None of us can live or fully experience or understand the life situation of another person. We may have insights, make intuitive guesses or identify with an experience that they have had; however, it is not living their life.
Part of recognising that we are part of the body of Christ is to grow in sensitivity to other people through listening and appreciating their individual experience. Part of the challenge of doing this is to suspend our ideas, thoughts and opinions so that they experience us as empathetic, compassionate and gracious.
When we do this and become closer to another, both of us are changed by the experience. One experiences grace through being understood, and the other is humbled through being trusted. Doing this is not always easy. It may be that we are responsible for the particular experience having happened, or we may disagree with the interpretation of the particular event, and feel the need to correct or disagree.
The struggle of the Indigenous people in Australia is a case in point. How do we interpret the journey of Australia since colonisation in light of its impact on the Australian Aboriginal peoples? We can avoid thinking about this and not listen, or we can stop and pause to listen. Such listening is painful; it does cause discomfort and we may want to avoid it. When we listen, though, something deep changes in us and in the persons listened to. We grow closer, and a bond of respect is established. We are connected as part of one family under God.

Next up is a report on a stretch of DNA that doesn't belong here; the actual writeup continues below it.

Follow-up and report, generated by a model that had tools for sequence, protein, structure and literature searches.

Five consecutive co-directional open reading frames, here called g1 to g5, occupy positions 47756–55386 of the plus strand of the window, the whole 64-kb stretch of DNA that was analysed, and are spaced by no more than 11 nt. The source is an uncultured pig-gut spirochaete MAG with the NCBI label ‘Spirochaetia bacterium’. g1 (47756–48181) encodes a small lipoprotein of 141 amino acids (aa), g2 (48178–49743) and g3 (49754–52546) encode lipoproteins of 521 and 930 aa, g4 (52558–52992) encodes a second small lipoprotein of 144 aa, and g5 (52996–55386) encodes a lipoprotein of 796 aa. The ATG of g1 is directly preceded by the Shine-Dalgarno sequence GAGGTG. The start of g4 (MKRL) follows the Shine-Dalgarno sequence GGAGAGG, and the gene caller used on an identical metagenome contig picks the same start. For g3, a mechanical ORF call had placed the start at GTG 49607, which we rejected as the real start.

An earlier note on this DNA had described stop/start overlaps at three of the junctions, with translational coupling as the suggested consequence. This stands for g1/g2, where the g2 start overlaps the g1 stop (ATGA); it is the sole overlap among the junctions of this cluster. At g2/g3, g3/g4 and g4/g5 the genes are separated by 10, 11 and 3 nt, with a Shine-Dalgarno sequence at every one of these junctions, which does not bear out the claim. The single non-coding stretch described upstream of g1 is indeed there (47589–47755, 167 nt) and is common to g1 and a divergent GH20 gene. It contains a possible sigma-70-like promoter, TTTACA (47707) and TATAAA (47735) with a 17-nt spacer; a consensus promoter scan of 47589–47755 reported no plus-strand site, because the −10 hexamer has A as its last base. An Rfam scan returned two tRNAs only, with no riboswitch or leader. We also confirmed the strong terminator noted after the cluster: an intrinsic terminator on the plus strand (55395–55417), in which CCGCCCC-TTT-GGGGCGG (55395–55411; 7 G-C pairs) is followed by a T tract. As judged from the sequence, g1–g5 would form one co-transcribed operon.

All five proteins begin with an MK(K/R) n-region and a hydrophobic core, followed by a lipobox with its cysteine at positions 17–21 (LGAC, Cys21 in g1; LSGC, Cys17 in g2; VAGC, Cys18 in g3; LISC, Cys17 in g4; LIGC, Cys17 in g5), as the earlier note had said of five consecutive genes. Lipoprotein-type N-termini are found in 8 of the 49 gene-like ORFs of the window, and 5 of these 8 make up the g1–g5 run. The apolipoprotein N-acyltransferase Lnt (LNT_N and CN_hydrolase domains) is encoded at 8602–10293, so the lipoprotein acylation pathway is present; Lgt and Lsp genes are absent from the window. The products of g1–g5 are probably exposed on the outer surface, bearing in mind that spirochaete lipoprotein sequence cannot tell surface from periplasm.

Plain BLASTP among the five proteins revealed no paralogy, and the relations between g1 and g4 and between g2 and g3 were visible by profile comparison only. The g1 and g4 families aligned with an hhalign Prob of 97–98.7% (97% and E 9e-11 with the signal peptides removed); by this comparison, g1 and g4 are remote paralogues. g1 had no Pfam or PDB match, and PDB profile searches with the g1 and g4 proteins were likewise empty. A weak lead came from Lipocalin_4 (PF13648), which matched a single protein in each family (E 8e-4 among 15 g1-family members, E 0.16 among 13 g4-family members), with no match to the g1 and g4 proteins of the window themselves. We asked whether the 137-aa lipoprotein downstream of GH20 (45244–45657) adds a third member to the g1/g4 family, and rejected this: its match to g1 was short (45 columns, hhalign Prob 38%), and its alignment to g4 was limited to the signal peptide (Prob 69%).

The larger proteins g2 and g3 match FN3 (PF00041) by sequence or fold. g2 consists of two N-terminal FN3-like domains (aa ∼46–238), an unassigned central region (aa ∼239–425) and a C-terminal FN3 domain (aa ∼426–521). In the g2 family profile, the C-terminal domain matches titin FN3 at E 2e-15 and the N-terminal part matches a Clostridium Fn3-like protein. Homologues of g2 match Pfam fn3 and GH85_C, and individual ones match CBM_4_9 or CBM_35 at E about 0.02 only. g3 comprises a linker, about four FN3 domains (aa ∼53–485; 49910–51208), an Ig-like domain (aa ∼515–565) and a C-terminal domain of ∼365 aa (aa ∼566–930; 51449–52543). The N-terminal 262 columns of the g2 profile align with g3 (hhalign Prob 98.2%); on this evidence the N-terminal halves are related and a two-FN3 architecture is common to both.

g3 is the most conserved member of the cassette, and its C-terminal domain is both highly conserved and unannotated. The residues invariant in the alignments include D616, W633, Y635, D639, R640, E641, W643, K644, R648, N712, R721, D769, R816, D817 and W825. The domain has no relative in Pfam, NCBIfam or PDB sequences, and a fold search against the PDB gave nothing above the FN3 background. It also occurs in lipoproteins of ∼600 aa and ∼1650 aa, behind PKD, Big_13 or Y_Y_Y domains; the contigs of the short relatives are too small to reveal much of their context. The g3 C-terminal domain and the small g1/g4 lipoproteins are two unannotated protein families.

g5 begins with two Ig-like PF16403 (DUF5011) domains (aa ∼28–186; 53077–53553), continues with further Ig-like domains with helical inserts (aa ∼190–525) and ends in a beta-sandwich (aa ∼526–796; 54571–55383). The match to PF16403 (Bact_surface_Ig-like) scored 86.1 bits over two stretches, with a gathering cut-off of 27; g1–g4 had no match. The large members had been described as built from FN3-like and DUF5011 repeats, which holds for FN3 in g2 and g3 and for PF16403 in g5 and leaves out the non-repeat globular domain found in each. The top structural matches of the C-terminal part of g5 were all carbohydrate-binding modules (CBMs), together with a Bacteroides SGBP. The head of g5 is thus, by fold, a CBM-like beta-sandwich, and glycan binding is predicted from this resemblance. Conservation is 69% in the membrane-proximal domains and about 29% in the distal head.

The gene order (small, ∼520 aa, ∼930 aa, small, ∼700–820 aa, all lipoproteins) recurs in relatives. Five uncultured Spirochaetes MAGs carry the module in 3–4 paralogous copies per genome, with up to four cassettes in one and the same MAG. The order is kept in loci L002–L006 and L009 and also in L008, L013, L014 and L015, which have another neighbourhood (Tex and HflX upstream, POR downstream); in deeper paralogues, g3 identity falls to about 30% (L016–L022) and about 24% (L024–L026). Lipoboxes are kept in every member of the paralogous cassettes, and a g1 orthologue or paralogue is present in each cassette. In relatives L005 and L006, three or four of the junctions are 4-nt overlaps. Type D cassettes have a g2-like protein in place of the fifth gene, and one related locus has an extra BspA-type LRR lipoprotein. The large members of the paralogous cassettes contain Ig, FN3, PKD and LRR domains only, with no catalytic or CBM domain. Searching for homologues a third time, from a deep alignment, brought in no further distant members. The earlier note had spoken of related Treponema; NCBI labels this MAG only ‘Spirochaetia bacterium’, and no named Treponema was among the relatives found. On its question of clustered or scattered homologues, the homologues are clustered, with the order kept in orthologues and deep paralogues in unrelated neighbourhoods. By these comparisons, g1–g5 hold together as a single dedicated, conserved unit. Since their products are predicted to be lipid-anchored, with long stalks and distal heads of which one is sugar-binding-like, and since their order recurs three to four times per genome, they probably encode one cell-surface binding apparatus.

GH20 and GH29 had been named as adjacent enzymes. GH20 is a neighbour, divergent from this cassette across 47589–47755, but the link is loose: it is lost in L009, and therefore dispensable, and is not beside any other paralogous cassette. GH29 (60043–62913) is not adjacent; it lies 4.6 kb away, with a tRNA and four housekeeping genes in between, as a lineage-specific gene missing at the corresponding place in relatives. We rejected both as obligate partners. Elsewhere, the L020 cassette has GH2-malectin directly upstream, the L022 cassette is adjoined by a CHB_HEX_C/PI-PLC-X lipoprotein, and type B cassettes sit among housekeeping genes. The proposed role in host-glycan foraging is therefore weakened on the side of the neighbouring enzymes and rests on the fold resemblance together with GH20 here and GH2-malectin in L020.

During this year IMA will be collating some resources for local churches to aid in the ways we understand local Indigenous stories in regard to the location of the particular church. Such a process is much more than a sign on a wall (though that is a good step) as it takes us into the experience and story of the local people. One result of doing this will be the affirmation that we know them and they know us. In such relationships healing is possible and hope grows that the future for Australia will be healthier than the past.